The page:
I've not happened across any updates on the plans of colliding two photons, and a quick Google search does not pop up any new articles relating to it.

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  • 5 months later...

Scientists slow down the speed of light travelling in free space

Summary:

Scientists have managed to slow photons in free space for the first time. They have demonstrated that applying a mask to an optical beam to give photons a spatial structure can reduce their speed.

 

Crux of this story:

The team's experiment was configured like a time trial race, with two photons released simultaneously across identical distances towards a defined finish line. The researchers found that one photon reached the finish line as predicted, but the structured photon which had been reshaped by the mask arrived later, meaning it was travelling more slowly in free space. Over a distance of one metre, the team measured a slowing of up to 20 wavelengths, many times greater than the measurement precision.

The work demonstrates that, after passing the light beam through a mask, photons move more slowly through space. Crucially, this is very different to the slowing effect of passing light through a medium such as glass or water, where the light is only slowed during the time it is passing through the material -- it returns to the speed of light after it comes out the other side. The effect of passing the light through the mask is to limit the top speed at which the photons can travel.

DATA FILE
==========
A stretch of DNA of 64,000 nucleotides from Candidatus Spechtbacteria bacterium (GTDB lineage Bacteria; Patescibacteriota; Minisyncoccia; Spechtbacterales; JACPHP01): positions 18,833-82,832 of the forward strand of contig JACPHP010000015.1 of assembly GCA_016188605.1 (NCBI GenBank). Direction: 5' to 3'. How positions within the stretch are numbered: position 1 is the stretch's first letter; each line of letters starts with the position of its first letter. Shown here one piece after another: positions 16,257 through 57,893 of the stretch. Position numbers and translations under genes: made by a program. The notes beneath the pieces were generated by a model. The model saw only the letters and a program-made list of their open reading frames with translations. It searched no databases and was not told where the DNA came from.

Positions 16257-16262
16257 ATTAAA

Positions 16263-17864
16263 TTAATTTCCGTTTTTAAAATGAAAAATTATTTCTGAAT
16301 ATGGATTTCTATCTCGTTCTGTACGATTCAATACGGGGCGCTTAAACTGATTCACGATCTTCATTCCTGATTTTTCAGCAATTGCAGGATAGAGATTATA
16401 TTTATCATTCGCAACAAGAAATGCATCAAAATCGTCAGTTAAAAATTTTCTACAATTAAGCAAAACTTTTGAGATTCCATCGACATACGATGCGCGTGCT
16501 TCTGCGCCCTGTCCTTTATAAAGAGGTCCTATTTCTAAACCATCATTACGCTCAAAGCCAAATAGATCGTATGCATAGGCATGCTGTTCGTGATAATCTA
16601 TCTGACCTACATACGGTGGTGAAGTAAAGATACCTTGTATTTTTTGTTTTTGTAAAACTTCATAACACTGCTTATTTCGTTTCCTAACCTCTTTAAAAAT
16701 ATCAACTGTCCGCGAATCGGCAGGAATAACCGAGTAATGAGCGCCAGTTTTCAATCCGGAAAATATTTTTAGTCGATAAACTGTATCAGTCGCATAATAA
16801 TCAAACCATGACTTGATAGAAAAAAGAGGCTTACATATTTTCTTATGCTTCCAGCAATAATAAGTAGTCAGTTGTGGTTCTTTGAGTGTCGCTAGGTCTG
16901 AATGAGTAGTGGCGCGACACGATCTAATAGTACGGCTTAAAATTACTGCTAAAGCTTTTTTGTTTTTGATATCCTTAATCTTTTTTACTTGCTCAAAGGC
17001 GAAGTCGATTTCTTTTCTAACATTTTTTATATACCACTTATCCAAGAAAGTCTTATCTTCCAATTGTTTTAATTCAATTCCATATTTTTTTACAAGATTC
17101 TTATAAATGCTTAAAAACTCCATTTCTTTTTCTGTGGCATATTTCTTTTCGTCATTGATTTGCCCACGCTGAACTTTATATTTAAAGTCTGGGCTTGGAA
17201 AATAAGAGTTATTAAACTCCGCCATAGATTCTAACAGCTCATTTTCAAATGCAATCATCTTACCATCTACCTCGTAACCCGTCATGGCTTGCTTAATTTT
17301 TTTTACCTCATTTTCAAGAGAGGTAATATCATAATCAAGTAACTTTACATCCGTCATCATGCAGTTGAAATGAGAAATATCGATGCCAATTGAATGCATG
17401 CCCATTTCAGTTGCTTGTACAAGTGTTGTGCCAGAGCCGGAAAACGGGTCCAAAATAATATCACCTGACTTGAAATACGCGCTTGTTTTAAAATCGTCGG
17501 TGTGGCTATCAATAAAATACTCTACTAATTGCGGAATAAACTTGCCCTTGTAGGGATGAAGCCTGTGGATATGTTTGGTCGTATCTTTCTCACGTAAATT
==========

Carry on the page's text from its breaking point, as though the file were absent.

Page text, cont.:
Shape affects speed? Who would have guessed? The auto companies have used wind tunnels to develop aerodynamic shapes to improve fuel efficiency for years. (One of the reasons so many cars have similar shapes.)

 

From what I understand of space, there is not supposed to be a lot of wind resistance. Yet a reshaped photon has now been shown to travel more slowly through the aether. What is this imperceptible to the unaided senses stuff?

Edited by dream_weaver